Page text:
There are few spaces on the web that help you declutter. If this isn’t the dawn of a Brave New World then I don’t know what it is. The endless flood of misinformation and propaganda easily overwhelms and I don’t want any of it. I have started curating my social media feed and trimmed my number of friends down to a credible few who deliver fact-based opinion. But even that is helping little.
I’m often tempted to go back to a flip-phone, junk Facebook for good and limit my information exposure to reading. But even Wired posts clickbaits now.
It is thus comforting to find BrainPickings celebrate its decade of ingenuity. And its curator, the good-souled Maria Popova, recently published her summary of core beliefs from which this precious piece of web space is founded. Let me share them here, for the lost reader who may have accidentally stumbled upon this blog, and for myself – some reminders that life isn’t so bad, after all.
Allow yourself the uncomfortable luxury of changing your mind.
Listen to others, practice open-mindedness, tolerate opinion. Understand what is being said and measure it against your own beliefs. Influence, but allow yourself to be influenced. Understand that you do not know everything. Share your opinion generously, but remind yourself that they are not immutable.
Do nothing for prestige or status or money or approval alone.
Do not get addicted to petty likes or allow yourself to reach an unhealthy level of narcissism for them. Manage your time, dedicate effort towards self-improvement. Pat yourself on the back from time to time and affirm how you did good. Labor towards self-gratification, for a smile from a friend or a random person on the street. Set standards for your own happiness and work towards them.
Be generous of your time, of your effort, of your words. Take time to compliment than critic. Make others know that you recognize their efforts and that you affirm their existence, that you see what they do. Be compassionate.
Build pockets of stillness into your life.
Sleep. Allow yourself to get bored. Stay still, meditate. Go for long walks or take a bike ride to nowhere. You need it.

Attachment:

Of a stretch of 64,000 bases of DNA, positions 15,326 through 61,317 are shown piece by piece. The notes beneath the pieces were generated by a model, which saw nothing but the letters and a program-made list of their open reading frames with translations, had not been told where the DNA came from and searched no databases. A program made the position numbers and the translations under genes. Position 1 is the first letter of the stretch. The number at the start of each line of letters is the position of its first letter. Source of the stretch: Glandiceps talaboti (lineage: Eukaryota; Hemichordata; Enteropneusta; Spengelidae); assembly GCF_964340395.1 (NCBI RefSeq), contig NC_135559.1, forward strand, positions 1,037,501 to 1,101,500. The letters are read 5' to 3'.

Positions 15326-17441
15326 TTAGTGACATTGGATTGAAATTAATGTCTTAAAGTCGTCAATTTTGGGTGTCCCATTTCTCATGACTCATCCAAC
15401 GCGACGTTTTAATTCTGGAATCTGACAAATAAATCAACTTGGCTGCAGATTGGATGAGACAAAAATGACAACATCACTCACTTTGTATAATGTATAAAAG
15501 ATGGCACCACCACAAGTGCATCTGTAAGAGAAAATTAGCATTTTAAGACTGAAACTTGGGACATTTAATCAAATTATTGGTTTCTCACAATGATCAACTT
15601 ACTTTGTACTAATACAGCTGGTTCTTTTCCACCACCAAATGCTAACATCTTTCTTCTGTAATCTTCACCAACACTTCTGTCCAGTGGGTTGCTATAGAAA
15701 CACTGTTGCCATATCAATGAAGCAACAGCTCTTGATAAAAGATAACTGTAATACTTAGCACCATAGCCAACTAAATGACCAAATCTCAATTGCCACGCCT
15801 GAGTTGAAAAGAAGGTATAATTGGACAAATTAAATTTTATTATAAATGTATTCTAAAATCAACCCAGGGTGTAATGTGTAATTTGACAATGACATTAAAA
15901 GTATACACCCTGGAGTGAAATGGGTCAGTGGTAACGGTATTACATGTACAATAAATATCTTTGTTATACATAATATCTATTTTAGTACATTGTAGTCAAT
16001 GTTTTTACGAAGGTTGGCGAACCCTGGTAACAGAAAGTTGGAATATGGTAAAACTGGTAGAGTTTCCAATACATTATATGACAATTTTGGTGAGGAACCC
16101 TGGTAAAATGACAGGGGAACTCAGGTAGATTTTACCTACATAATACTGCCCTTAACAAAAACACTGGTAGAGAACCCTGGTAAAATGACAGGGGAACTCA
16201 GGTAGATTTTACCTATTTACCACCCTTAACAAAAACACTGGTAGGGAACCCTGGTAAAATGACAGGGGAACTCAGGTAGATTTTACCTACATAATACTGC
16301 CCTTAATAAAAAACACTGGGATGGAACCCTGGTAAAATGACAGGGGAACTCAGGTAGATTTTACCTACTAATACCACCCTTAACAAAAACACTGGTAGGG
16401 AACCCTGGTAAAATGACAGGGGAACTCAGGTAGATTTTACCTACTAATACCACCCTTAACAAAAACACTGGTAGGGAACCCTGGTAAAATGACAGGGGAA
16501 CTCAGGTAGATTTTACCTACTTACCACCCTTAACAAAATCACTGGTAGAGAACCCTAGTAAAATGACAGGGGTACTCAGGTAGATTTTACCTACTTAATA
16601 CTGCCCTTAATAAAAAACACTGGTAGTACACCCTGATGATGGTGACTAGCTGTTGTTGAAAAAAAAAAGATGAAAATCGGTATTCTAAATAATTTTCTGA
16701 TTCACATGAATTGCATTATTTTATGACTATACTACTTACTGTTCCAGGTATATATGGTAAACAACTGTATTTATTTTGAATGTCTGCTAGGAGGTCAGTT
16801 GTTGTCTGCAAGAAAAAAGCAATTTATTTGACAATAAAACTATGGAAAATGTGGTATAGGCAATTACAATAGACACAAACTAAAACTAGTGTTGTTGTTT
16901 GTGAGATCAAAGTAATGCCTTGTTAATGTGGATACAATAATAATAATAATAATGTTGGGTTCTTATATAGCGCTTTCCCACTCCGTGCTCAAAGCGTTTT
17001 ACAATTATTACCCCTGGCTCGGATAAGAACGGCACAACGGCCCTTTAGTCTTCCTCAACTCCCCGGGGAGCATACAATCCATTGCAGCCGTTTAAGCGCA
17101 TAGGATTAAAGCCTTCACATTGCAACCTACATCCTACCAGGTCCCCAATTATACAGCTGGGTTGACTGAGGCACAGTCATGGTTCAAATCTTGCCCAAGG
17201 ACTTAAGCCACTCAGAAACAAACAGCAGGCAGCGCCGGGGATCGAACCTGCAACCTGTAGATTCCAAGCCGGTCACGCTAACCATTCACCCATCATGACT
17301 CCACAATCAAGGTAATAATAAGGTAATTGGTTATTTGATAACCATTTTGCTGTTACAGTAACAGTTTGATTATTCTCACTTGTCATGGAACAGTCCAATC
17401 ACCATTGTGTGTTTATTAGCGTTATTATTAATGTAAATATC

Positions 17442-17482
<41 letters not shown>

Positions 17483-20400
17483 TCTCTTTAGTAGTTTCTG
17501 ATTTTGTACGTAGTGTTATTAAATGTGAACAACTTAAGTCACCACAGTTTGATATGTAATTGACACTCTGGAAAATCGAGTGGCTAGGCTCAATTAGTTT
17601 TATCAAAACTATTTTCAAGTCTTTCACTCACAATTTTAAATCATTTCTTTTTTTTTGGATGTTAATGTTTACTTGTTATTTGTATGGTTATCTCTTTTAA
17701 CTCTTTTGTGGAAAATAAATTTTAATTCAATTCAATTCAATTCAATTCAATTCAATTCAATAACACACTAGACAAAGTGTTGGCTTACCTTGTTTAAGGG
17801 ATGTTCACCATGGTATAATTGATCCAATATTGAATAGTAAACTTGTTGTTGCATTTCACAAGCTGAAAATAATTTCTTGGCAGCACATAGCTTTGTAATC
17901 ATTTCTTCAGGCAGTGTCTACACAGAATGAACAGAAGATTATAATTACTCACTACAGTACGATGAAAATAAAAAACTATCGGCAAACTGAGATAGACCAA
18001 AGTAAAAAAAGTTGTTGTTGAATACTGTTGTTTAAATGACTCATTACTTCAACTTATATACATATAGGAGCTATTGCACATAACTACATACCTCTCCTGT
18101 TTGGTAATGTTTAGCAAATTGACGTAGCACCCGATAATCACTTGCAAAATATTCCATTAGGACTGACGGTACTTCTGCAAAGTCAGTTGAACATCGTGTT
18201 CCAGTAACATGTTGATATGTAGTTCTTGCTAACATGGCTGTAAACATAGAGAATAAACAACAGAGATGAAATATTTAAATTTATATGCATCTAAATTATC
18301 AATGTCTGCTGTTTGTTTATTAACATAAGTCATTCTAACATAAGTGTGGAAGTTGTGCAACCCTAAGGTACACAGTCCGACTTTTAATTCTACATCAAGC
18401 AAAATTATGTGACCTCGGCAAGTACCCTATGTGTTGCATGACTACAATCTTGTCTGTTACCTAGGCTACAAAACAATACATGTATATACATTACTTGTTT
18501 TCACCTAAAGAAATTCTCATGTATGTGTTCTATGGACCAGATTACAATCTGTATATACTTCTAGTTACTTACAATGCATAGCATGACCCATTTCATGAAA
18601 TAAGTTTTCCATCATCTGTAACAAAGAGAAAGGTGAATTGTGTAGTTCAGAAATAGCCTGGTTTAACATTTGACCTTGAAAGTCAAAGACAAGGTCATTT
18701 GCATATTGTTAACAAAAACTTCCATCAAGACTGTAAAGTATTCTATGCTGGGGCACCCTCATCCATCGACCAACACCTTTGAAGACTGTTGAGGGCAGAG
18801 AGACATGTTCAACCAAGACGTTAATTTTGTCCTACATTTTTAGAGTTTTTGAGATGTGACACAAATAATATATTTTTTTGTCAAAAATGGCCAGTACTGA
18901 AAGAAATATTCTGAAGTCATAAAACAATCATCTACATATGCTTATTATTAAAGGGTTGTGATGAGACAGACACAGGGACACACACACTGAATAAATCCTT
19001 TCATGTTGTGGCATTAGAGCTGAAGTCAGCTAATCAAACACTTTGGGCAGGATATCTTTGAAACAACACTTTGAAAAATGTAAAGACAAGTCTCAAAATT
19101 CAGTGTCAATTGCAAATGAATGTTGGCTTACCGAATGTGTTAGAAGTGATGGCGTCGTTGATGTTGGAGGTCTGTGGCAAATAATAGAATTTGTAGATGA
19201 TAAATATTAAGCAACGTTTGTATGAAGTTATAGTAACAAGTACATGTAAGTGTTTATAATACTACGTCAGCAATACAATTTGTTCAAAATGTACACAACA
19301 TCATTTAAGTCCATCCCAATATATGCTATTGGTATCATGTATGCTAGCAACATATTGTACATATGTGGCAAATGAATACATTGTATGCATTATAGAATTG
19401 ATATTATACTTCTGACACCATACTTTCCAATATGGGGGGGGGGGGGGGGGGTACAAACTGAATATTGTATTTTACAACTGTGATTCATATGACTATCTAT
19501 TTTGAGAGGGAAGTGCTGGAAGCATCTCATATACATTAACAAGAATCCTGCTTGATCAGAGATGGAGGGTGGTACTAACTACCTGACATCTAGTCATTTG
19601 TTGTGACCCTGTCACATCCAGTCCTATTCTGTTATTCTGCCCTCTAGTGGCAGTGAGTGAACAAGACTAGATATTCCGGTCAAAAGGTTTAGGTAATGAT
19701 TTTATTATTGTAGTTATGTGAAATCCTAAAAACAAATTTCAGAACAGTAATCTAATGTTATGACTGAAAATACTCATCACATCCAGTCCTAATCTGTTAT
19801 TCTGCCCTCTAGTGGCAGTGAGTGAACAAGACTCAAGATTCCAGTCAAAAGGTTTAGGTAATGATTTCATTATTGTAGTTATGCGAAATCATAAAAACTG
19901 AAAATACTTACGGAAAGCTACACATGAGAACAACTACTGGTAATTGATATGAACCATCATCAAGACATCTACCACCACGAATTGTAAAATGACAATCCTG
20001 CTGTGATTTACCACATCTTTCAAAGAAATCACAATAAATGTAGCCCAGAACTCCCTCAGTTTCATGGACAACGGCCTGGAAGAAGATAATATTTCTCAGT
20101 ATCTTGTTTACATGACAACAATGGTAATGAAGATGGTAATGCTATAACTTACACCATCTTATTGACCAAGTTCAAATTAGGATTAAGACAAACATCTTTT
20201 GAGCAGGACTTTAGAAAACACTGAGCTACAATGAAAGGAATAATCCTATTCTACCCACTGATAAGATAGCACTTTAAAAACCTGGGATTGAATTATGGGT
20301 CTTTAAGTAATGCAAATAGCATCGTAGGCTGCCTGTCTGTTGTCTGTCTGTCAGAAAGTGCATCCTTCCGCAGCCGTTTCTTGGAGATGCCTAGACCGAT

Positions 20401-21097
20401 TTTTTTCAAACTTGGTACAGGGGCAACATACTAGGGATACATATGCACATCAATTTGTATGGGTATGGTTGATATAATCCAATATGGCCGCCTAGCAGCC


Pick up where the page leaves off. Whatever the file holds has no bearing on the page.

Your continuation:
When people try to tell you who you are, don’t believe them.
But believe them when they tell you who they are. An advice from Maya Angelou. People yearn to be understood and there’s no feeling comparable to the knowledge that somebody out there trusts you.
Presence is far more intricate and rewarding an art than productivity.
“How we spend our days is how we spend our lives.” – Annie Dillard
“Expect anything worthwhile to take a long time.”
Anything great is worth the wait. Allow for the concoction of the good to take place. Cultivate it. And when it comes, be there in full presence and glory knowing you have took so long to experience it.
Seek out what magnifies your spirit.
I have a Barbara Kingslover book that fucked me up real good. Anna Karenina put me into depression for two months. There are just some books that are too raw they show you parts of reality you’re not even aware of. That is something precious. But it needn’t be depressing. Is taking pictures clearing your mind? Does some kind of music help you concentrate? Madagascar 3 revives my spirit no matter what. Home into these. Have a base point you can go back to whenever the going gets too tough to meet.
Don’t be afraid to be an idealist.
I gave up idealism long time ago but I cannot deny its importance in keeping a lit-up life. People need to believe in something to keep going, else there simply isn’t any point to any of these.
Don’t just resist cynicism — fight it actively.
Most importantly, never allow yourself to lose your inner child. Get creative. The possibilities are endless. “Today, especially,” says Popova, “it is an act of courage and resistance.”
This morning I curled up on top of a little wooden stool on the office patio, a cup of coffee in one hand, a cigarette on the other. Sometimes, life just hits you too hard that all you can do is smoke the shit out of your feelings. But all it does is numb me down. After a while, it lingers back. Hence why little reminders like these sure keep the existential dread at bay.
Cheers to old souls.